• A roller and pan (anything from 3/8″ to 1 1/4″ – bigger rollers for rougher surfaces);
  • Paint;
  • Painters tape;
  • Protective sheets;
  • Cloth (for cleaning rogue paint);
  • Ladder;
  • Detail paint brush;
  • Overalls (or old, fitted clothing);

Top tip: rolling pans do work, but for the amateur DIY enthusiast, you are much better off with a rolling grid – you’re much less likely to kick this over while doing difficult bits of painting. You could grab a 5-gallon bucket of paint with a rolling grid inside.

How to Paint a Room:

Semi painted wall

Technique Is Key

The real tip for painting a room, after preparation, is considering your technique. Painting incorrectly can lead to many issues such as unsightly lines and uneven blotches – and a lot of wasted time and energy if you’re not happy with the result!

These are our 4 technique tips:

  1. How much paint?

The first tip is to consider how much paint to have on the brush, too much could cause the coat to run – this will lead to drips, drops and a generally messy job. Dipping up to half of the brush should be more than enough.

  1. Keep a wet edge.

To avoid lines and for an all in one finish, every time your paint is applied you should keep the edge for the next section wet. This is achieved by holding the brush at 90 degrees and applying a newly added coat over the previous edge.

  1. Apply in long strokes:

Focus on one area and remember not to stretch the paint out but also paint in long strokes – which will help achieve a smoother finish.

  1. Apply in manageable sections:

When using a roller, the aim isn’t to coat the whole wall in one go; it’s impossible to get a good finish this way.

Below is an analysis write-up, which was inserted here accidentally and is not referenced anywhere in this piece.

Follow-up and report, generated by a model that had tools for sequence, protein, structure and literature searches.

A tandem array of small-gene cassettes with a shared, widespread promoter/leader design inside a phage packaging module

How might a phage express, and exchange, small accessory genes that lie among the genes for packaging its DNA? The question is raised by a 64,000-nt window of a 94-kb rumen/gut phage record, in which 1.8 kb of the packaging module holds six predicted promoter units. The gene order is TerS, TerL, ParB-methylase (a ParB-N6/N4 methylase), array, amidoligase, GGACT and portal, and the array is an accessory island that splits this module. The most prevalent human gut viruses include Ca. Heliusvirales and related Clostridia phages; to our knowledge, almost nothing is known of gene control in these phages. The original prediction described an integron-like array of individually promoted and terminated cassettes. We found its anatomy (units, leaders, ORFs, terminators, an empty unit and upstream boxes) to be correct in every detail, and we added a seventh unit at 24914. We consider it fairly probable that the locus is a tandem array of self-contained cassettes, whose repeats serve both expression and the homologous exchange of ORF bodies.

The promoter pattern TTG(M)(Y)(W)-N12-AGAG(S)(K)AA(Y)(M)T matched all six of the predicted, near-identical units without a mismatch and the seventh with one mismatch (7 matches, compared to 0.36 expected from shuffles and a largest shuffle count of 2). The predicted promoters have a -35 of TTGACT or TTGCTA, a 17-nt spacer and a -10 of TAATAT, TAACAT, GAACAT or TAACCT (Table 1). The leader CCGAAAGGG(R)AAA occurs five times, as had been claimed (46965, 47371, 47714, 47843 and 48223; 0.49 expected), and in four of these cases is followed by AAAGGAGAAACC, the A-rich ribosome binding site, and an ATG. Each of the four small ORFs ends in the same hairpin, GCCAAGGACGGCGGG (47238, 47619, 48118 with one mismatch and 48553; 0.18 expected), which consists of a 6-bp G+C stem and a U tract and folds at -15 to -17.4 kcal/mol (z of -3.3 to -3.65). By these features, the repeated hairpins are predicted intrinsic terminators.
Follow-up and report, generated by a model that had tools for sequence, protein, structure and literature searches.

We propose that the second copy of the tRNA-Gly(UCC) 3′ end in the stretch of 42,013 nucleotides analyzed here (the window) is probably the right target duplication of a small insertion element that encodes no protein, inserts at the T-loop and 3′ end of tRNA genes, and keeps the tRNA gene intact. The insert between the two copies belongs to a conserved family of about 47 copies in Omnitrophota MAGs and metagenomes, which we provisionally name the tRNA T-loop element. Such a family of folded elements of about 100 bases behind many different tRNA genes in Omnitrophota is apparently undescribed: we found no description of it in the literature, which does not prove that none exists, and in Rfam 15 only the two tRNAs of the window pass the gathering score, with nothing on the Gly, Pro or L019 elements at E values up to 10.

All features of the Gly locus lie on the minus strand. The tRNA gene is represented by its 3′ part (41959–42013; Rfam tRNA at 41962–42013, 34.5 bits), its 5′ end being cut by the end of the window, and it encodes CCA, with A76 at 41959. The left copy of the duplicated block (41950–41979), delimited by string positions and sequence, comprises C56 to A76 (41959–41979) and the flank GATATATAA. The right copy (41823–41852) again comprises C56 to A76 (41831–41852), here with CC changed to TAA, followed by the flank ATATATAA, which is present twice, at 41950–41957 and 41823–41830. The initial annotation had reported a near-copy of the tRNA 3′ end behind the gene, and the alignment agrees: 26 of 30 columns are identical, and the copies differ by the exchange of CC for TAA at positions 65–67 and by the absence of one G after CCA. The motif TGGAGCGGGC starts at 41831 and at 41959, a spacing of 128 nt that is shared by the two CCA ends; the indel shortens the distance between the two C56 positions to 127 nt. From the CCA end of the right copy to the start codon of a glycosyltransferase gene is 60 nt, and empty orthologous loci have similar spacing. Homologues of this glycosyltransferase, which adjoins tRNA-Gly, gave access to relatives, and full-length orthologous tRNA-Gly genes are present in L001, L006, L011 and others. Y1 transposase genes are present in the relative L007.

For better results, aim for a 3ft wide section at a time. Start from the ceiling to the middle and then start from middle to the bottom.

How to Paint a Ceiling:

Painting a ceiling is a whole different kettle of fish to a normal wall. From arm ache to awkward angles and vertigo, there are a lot more pressures to deal with. We put together two steps to help use your chore:

painting a ceiling (1)
[Photo credit]

Step 1: Use a Paint Brush

Unlike with your walls where you gradually move across keeping the overlap wet, when it comes to painting the ceiling start by painting the corners with a hand brush. Do this along the edges also, making sure you do not touch the walls (or picture rail, depending on where your paint line is finishing).

Do the same with any light fixtures that you have – give them 4 inches of cover.

Painting the Edges of the Ceiling with Paintbrush

Step 2: Time to Get Rolling!

Now that your edges are complete you can switch to a roller and pan (or grid).

The best direction to roll is towards the main light source coming into the room; this will help to prevent shadows in the finished paint. Rolling direction is not so important if you have a textured ceiling.

Initially, you should roll the paint on thickly and then once you have the paint on you can then stretch it out better across the area you want to cover; you should do this section by section. Divide your ceiling up into a left and right side and then you can start putting paint on one area of around 3 ft.

Ceiling painting

Smooth off the initial paint stroke and then keep moving around so that each area slowly gets more paint. Make sure that all your strokes overlap as much as possible. Always use the two-step process of putting it on thickly and then smoothing it off afterwards.

Always push any excess paint towards the middle of the room. And you’ll be done in no time.

Tip top: always under-apply initial paint stroke – it’s easier to add more paint than it is to take away!


And now you’re away. Let us know on Twitter how your redecorating job goes – why not upload a photo for a chance to have it featured!